Estate of Lee, 551 S.W.3d 802 (Tex. App.—Texarkana 2018, no pet.).


Will Contests



Beneficiary of a trust created in Testatrix’s will which was subsequently amended by two codicils under which he does not benefit attempted to contest the latter codicil. The trial court held that Beneficiary lacked standing because even if the contest were successful, he would not receive property under the earlier codicil. Beneficiary appealed.


The appellate court affirmed. The court determined that merely because Beneficiary was a beneficiary of a revoked testamentary trust does not give him standing to contest the latter codicil. First, Beneficiary is not an “interested person” under Estates Code § 22.018(1) because he has no property right or claim against Testatrix’s estate. Instead, he only has a potential right because he would need to successfully contest both codicils to be entitled to estate property. Second, Beneficiary does not have standing under case law because his alleged pecuniary interest is too far removed.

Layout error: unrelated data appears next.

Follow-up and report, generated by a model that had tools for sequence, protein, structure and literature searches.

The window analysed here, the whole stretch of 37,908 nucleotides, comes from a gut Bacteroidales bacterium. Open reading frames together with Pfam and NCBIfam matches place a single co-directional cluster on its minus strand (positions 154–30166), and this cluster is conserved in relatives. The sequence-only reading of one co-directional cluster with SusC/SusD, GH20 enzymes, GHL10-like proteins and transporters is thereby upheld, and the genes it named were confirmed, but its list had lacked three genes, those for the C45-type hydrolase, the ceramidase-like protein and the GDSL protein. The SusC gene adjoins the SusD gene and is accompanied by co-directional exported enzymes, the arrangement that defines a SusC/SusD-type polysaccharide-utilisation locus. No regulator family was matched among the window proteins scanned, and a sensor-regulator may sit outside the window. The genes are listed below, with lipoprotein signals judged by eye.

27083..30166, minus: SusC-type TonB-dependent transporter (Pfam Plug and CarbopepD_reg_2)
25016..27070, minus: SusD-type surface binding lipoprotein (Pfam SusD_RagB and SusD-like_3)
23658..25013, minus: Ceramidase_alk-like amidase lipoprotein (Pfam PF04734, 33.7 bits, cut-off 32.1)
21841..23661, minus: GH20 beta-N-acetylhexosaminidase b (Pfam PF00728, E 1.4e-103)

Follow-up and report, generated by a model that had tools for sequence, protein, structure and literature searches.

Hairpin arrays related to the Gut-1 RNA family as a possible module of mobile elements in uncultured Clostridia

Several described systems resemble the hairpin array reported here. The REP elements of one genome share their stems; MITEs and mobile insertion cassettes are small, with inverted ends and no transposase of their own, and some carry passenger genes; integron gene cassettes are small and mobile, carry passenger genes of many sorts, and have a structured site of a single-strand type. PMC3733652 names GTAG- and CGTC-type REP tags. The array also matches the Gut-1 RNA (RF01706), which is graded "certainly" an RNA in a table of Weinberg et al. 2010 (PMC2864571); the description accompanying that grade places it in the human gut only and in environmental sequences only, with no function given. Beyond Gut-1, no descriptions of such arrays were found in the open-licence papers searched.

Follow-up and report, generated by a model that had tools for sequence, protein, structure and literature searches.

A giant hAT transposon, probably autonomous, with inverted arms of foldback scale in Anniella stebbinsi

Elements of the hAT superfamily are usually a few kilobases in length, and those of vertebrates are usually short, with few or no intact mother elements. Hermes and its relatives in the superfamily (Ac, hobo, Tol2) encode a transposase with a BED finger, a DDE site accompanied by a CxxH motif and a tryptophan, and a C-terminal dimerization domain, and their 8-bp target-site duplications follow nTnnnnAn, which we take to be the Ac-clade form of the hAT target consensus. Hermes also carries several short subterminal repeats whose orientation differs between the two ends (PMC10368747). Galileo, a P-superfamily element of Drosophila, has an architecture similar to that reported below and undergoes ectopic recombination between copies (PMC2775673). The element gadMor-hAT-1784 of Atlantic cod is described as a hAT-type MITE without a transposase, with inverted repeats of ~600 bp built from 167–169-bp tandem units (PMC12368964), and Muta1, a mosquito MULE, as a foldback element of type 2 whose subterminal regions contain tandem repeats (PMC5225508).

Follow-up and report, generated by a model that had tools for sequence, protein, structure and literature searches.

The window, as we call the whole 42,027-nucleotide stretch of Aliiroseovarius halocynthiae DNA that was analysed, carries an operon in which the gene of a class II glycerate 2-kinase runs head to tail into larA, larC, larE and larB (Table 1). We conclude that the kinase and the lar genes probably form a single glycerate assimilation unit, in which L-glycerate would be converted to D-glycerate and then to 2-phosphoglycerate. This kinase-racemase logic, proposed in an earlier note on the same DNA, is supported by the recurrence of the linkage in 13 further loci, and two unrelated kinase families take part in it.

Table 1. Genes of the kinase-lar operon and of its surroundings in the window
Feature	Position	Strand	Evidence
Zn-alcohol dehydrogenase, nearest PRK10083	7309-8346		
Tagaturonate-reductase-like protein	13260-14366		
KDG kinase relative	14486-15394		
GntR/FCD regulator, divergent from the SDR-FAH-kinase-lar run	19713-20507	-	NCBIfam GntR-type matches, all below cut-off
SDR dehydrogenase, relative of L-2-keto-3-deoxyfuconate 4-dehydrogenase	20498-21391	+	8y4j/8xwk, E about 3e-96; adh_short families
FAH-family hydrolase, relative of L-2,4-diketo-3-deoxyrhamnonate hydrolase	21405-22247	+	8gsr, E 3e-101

The court also rejected Beneficiary’s claim that he has standing because he and a beneficiary under the earlier codicil and original will entered into an agreement under which Beneficiary agreed to contest the latter codicil in exchange for 40% of what the other beneficiary recovers. The trial court determined that this agreement was invalid because the other beneficiary’s interest, if obtained, would be controlled by a spendthrift provisions in both the will and earlier codicil preventing her from conveying any interest in the property. Thus, Beneficiary could not rely on this agreement to provide standing to contest the latter codicil.


Moral:  A party to a will contest must be certain to have a pecuniary interest in the outcome of the litigation which is not too far removed. In other words, a successful contest should put property in the contestant’s pocket.